He's hot. He can sing. But can he design?

Justin Timberlake wants to expand his claim on sexiness into the realm of fashion with a runway show he and collaborator Trace Ayala have named 'Street Sexy'


Thu, Nov 02, 2006 - Page 13

"What's sexy to you?" asked a disembodied voice playing over a speaker in a barrel-shaped theater in Hollywood, straining to be heard over the sound of a thousand camera shutters clicking at once.

"Mmm, sexy," the voice of Justin Timberlake answered, his words echoing. "It's not the clothes. It's the way you wear them. Sexy is a state of mind. It's about that attitude attitude attitude."

Timberlake, in the flesh, was sitting dead still on top of a speaker box while the previously recorded interview played on, his silver argyle Vans splayed apart and his head hung low under a slim black hoodie. He sat that way for several minutes, a pop Buddha preaching the dharma of bringing sexy back, motionless as people moved lights all around him and B-boy dancers polished the floor with their chests. Then in a blink, he was sitting next to a reporter on a bleacher with his arm on his shoulder.

"I'm stressed as hell," Timberlake said. "How was your flight? When did you get in?"

Aw shucks, Mr. Timberlaaa ...

Oh. The performer had just as quickly gotten up and was standing by the runway.

The singer-designer was stressed. He was watching models rehearse for the first fashion show of a collection called William Rast, a year-old collaboration between Timberlake and Trace Ayala, his best friend since childhood. He was aware of the critical trouncing delivered to other celebrities who have attempted to commercialize their personal style with a fashion line.

"I don't want to look like a celebrity who is cashing in on celebrity," Timberlake said. "That's my fear."

Although Ayala designed the clothes, it was Timberlake who was making the fashion show a production, selecting the music, conceiving the set, taping the fake red-carpet interview as a sly statement on the hyped nature of celebrity collections — it would play as other celebrity guests took their seats — and personally casting the dancers and models.

Monday afternoon last week, the day before the show, several of the models were moping or chomping on gum, unable to manage a fairly uncomplicated routine that required one turn and one half-turn. One stomped down the runway like a Clydesdale, comically attempting the signature march of Gisele Bundchen. Timberlake made a bug-eye face, then pretended to stumble across the room.

As most music-conscious people have heard, Timberlake is bringing sexy back; that is, his contagious single of that title has dominated global pop charts since September, and it has even been used as a punch line by US Vice President Al Gore, when he appeared on the Video Music Awards and said he had heeded Timberlake's call.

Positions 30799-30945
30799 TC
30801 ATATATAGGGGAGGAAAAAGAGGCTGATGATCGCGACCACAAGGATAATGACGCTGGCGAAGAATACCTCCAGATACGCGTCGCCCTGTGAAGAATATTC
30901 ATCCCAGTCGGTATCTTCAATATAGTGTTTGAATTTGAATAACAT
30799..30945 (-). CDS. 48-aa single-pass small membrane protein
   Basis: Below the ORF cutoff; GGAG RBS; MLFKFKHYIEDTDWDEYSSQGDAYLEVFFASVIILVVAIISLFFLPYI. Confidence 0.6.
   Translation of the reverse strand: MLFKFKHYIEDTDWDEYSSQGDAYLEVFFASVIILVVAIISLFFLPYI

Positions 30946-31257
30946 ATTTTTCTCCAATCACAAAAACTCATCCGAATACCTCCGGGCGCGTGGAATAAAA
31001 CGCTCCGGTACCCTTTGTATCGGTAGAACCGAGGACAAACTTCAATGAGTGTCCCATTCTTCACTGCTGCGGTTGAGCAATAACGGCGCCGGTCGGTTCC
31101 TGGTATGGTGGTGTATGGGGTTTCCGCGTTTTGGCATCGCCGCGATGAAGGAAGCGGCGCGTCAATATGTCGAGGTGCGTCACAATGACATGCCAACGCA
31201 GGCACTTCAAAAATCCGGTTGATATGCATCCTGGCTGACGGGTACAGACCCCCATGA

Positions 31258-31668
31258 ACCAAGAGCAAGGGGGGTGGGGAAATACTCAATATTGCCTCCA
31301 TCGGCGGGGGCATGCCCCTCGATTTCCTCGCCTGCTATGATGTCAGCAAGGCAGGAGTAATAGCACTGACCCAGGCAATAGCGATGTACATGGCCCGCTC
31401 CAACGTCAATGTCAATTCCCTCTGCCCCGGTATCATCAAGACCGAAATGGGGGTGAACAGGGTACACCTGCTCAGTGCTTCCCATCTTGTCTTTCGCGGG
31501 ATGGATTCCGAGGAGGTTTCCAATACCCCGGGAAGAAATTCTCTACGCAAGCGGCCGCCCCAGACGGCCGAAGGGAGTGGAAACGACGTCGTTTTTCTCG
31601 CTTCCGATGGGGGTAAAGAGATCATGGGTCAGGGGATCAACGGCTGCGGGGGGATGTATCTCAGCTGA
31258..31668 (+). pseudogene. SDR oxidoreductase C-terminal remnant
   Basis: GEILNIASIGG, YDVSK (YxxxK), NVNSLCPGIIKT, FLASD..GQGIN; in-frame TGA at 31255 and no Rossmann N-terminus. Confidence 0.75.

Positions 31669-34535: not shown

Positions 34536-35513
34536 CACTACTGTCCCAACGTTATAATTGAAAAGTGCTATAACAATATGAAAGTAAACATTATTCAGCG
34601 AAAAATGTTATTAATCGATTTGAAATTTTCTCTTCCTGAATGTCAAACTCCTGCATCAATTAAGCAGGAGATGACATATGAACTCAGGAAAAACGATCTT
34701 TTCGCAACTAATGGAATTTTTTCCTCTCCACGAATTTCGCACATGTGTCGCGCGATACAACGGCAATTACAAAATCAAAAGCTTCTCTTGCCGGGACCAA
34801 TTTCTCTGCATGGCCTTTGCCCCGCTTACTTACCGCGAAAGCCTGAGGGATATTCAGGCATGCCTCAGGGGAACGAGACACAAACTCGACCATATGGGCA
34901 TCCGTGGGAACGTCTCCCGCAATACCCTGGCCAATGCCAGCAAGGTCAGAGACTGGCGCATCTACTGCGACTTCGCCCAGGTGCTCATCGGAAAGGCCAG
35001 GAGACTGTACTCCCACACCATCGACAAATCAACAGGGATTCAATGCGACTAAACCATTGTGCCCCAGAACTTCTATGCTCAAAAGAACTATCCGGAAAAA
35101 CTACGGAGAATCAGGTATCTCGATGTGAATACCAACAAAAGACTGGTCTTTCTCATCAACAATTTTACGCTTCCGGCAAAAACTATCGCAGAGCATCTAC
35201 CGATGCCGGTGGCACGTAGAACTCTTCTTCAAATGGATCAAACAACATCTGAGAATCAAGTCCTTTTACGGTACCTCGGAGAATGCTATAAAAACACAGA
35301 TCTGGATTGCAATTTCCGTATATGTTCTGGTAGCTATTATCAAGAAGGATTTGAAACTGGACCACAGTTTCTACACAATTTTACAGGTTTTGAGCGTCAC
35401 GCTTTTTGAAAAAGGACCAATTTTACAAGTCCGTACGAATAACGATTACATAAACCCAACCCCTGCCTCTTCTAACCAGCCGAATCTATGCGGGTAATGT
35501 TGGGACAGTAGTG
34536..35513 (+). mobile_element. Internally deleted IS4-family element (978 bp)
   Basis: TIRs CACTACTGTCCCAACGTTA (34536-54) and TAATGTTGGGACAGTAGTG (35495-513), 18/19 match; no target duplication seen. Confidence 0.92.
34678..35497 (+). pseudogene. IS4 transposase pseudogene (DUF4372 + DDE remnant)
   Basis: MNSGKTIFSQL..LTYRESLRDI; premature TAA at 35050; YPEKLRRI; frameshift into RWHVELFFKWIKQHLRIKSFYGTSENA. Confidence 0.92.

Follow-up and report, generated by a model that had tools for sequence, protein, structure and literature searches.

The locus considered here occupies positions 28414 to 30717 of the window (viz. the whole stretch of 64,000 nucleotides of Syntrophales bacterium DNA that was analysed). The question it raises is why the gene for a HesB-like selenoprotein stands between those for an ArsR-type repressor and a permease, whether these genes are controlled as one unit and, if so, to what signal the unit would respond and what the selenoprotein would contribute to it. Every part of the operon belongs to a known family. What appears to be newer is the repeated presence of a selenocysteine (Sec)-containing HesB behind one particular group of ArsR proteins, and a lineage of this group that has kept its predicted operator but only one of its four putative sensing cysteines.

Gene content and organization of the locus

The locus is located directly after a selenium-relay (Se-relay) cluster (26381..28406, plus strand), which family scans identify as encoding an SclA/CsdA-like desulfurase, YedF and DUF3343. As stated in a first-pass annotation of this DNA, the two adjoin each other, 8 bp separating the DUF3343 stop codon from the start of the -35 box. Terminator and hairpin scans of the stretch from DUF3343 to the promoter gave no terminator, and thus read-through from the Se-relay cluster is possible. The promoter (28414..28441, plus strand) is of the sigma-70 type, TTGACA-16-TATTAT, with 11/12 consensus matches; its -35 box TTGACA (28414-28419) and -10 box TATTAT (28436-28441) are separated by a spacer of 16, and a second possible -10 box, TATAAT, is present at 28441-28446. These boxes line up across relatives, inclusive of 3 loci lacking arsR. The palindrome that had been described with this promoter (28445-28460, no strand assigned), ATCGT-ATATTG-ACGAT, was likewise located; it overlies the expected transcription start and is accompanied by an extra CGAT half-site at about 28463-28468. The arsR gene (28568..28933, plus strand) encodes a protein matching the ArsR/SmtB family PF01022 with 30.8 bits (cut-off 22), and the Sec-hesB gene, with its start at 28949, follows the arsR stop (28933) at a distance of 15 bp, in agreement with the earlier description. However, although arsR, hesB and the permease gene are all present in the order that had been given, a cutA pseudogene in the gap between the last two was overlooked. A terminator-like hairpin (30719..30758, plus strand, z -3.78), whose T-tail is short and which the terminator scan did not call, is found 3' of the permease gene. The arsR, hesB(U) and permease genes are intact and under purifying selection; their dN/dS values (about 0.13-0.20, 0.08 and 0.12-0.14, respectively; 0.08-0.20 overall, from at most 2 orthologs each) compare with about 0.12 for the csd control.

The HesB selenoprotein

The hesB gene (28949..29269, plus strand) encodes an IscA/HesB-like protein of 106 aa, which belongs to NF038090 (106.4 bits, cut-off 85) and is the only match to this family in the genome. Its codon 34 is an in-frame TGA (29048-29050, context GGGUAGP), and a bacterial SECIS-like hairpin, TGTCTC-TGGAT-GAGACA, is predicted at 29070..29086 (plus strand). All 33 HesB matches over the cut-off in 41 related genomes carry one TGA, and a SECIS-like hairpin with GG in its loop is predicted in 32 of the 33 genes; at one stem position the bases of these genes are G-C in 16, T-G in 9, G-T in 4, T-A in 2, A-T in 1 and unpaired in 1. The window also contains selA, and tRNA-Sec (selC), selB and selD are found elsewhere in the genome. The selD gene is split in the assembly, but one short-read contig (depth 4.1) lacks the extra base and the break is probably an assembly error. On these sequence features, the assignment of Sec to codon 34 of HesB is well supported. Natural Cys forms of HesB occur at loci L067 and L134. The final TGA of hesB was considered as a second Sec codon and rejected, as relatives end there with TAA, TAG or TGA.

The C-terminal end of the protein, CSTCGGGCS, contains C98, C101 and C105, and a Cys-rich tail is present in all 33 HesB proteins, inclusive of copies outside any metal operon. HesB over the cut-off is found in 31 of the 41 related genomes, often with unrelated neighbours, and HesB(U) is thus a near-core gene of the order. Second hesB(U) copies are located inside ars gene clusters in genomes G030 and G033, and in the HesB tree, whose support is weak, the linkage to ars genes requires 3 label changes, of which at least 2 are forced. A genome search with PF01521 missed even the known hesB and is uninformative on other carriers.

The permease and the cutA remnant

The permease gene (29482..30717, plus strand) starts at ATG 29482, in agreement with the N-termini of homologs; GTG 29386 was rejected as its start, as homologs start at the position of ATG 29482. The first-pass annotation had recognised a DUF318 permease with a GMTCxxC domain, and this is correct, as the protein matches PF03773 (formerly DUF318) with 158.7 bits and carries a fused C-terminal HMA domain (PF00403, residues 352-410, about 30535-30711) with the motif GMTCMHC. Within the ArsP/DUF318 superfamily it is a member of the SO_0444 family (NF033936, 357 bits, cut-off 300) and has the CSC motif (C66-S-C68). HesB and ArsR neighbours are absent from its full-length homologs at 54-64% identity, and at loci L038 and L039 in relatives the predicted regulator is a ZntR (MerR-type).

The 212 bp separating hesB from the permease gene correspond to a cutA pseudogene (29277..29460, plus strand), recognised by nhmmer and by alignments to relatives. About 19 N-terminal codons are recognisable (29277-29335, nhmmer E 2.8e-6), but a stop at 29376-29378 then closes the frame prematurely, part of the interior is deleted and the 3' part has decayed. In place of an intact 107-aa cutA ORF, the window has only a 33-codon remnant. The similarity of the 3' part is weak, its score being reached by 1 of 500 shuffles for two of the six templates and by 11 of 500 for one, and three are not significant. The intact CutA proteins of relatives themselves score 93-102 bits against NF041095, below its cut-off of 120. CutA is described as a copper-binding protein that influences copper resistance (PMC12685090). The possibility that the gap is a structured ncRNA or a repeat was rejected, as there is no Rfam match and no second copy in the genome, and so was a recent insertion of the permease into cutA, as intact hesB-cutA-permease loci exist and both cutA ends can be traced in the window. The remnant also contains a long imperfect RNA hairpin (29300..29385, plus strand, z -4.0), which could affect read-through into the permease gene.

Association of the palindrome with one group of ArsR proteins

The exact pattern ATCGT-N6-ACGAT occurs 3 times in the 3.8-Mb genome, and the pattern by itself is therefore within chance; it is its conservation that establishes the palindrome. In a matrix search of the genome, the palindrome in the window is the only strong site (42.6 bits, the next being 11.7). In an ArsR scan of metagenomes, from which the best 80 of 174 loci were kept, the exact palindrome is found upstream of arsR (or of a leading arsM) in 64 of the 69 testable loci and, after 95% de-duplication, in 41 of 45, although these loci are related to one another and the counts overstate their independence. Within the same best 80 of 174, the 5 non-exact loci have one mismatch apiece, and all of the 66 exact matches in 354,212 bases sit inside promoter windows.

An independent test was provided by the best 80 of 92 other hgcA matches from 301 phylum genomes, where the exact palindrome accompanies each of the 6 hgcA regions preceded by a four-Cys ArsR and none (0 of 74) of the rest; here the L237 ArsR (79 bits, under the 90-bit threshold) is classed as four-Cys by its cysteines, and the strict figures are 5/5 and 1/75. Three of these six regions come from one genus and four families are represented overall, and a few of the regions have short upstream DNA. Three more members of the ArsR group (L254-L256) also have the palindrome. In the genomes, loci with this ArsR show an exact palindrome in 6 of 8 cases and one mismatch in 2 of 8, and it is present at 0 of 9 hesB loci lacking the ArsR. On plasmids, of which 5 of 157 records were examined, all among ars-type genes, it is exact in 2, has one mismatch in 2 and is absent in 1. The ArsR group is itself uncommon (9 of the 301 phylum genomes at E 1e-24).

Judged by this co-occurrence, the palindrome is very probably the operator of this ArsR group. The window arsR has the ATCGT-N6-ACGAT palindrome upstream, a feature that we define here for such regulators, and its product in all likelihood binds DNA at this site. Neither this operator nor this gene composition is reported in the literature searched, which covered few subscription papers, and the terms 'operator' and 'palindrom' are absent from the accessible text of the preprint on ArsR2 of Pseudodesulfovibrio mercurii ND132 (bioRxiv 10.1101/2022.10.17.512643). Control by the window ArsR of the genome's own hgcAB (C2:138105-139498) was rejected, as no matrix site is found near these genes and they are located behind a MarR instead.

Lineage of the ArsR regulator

Critics have praised the album with the single, FutureSex/LoveSounds, the second solo album by Timberlake, formerly "the cute one" in the boy band 'N Sync. In another step toward his transformation into an adult act, Timberlake has taken on serious acting roles, including a part in Nick Cassavetes' crime drama Alpha Dog.

And now he wants to expand his claim on sexiness to fashion, with a runway show he and Ayala named "Street Sexy." Showing restraint, Timberlake did not plan to play his hit until the finale of an after-party concert following the fashion show. He seemed well aware that its popularity is in danger of becoming oppressive.

"At least I didn't bring Lycra back," he said.

What has been interesting about Timberlake's approach to fashion is that, unlike other celebrities turned designers like Sean Combs, Jennifer Lopez and Beyonce, he had not heavily promoted his involvement until last week. Ayala, 25, who worked with Timberlake as a personal assistant and designed clothes for 'N Sync, persuaded the singer to start the collection a year ago, after being approached by Danny Guez, the owner of the Los Angeles denim company People's Liberation.

Timberlake's name was kept off the label to avoid the overt appearance of cashing in on his celebrity, but he approves all of the designs and comes up with some of them. William Rast, named after two of Timberlake's and Ayala's grandfathers, began selling US$180 boot-cut jeans at Bloomingdale's and a handful of other stores. The idea was that the partners would perfect their basic designs before making a more ambitious fashion statement.

Ever since Combs, building on a career as a rap impresario, introduced his Sean John collection in 1998, the fashion industry has been overrun by music celebrities. But so far the success of Combs — he was named men's wear designer of the year in 2004 by the Council of American Fashion Designers — has been more the exception than the rule. There have been reports of production problems for Lopez's line, exaggerated sales figures from Russell Simmons, and a lawsuit against Jessica Simpson, claiming she did little to promote her own line.